The U.S. and Russia have begun to do that under Secretary Ash Carter’s leadership. The Turks and Russians clearly have not. And I think it’s the role of the United States to try to promote that kind of transparency, because we don’t want to see a further incident like. Very dangerous. We haven’t had anything like this in nearly 60 years in the NATO relationship with both the Soviet Union and Russia.

JUDY WOODRUFF: Well, before I ask you both about how it gets calmed down, let me just ask you the question the other way, Angela Stent. Why are the Russians repeatedly crossing the border into Turkey? Do they not see that as a provocative offense?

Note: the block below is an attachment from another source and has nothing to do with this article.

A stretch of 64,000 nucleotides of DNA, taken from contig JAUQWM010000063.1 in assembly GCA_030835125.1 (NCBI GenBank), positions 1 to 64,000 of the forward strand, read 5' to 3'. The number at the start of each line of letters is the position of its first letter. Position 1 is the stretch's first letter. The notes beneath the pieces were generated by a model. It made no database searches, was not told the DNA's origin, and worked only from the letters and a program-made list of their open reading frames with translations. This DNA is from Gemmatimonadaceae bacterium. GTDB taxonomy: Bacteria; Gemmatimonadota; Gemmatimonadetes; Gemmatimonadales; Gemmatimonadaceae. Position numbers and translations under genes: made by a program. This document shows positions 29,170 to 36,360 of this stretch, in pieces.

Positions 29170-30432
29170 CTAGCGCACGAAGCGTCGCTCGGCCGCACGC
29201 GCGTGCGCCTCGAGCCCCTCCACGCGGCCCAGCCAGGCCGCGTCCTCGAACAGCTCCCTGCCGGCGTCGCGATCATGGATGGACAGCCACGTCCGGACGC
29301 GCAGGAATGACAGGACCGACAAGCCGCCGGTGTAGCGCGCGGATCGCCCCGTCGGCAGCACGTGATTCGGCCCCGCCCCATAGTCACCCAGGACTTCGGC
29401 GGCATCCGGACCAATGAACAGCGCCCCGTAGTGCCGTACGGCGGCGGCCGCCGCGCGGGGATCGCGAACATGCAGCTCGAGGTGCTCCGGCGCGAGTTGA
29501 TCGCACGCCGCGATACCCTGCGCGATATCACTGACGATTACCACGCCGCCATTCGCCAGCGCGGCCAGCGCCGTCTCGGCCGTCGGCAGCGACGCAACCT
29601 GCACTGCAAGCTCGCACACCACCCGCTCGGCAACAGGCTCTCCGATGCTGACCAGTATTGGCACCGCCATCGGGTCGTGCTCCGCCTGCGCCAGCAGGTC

ANGELA STENT: Well, I think the Russians, they are stating that they’re back in Syria, that they want to be a leader, if you like, in this coalition and that the Turks don’t have the right to do this to them.

And they really want to be — they want the U.S. to come to them and they want this broad coalition. They want to be the leader. And so they’re really being — I mean, there is some reckless behavior here, obviously, even though they have been deconflicting, as Nick said, with the U.S. on a bilateral basis, and, by the way, the Israelis, too.

But they’re rather selective in the countries with which they have so far being willing to deconflict.

JUDY WOODRUFF: What does this say — to both of you, Nick, to you first. What does this say about the efforts? And you have just mentioned them going along to try to put a coalition together to find some resolution in Syria.

NICHOLAS BURNS: Well, it’s tragically ironic that the two countries that France and the United States need to join this coalition against the Islamic State are Turkey and Russia.